WASHINGTON – Democrats demurred Sunday on whether President Donald Trump has committed impeachable offenses after he was implicated last week in a potential crime but promised vigorous investigations if the party takes control of the U.S. House in the midterm elections.
"The role of Congress is not to protect the president," Rep. Jerrold Nadler, D-N.Y., said on NBC's "Meet the Press." "It's to hold the president and any president accountable to the American people." Nadler is the top Democrat on the House Judiciary Committee, which would hold any impeachment hearings.
His comments came after a week of increasing talk about how or when Congress would decide whether the president's conduct meets the threshold for impeachment. In his Aug. 21 guilty plea to campaign finance violations, Michael Cohen, Trump's former lawyer and "fixer," implicated the president in off-the-books hush money paid to a porn actress. Paul Manafort, Trump's former campaign manager, was found guilty the same day of bank and tax fraud.
Democratic leaders have downplayed talk of impeachment as the party tries to capture a majority of House seats in the midterm elections. Nadler and others said they want to let Robert Mueller's investigation of Russian interference in the 2016 election reach its end. But they're promising thorough investigations that they say Republicans now in control of Congress have failed to undertake.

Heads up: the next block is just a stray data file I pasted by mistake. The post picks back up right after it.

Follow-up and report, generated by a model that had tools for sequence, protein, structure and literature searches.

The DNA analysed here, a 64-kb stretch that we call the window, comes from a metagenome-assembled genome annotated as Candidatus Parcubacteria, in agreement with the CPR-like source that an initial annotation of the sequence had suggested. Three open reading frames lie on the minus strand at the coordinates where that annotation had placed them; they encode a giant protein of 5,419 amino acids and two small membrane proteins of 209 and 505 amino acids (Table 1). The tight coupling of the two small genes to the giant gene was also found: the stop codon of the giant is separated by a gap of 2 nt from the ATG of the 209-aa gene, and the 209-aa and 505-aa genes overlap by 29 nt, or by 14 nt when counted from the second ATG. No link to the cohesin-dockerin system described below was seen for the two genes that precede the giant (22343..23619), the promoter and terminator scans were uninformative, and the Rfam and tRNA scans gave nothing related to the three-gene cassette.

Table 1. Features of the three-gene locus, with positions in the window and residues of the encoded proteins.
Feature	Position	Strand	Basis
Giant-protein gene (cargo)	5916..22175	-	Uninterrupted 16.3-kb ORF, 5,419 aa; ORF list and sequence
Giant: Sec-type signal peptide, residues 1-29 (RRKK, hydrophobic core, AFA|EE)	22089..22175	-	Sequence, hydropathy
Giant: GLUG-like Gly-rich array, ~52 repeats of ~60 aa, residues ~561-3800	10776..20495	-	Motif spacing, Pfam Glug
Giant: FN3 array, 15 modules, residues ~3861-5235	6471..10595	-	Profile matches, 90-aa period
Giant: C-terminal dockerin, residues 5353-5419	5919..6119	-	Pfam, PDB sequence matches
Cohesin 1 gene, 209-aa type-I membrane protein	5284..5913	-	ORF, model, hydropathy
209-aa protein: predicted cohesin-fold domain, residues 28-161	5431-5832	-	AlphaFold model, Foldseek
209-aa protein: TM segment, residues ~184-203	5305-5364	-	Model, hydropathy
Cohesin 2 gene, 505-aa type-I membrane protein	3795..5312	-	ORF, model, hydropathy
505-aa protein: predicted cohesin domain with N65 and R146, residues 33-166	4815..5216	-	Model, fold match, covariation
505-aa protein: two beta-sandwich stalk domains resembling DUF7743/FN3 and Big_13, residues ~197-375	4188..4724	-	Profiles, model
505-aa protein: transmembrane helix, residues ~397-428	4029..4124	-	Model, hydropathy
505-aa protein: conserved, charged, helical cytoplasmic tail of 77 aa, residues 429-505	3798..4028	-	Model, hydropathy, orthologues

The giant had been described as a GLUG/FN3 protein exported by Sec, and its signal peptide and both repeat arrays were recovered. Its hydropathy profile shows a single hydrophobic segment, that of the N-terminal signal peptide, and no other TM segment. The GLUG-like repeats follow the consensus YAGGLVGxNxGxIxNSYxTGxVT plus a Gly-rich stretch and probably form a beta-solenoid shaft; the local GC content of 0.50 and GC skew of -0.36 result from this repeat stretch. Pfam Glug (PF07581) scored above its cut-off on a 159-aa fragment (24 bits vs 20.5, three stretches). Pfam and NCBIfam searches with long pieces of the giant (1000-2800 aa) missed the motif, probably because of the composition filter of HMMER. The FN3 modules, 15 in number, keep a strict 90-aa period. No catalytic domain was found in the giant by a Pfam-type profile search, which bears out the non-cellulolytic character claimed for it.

Rep. Eric Swalwell, D-Calif., a member of the House Judiciary Committee, said on ABC's "This Week" that there hasn't been enough evidence about Trump's role in any potential wrongdoing. But he said Democrats would use the subpoena power to get answers, including securing the president's tax returns.
"The American people deserve to know if the president is as corrupt as the people who have pled guilty around him," Swalwell said.
Republicans have already seized on the threat of impeachment to fuel turnout in the midterm elections, imploring GOP voters to keep their party in power to protect Trump and their conservative agenda. Democrats need to win a net 23 additional seats to take the House.
Rep. Adam Schiff of California, the ranking Democrat on the House Intelligence Committee, said a powerful case for impeachment would be needed that hasn't been made yet to overcome Republican support for Trump.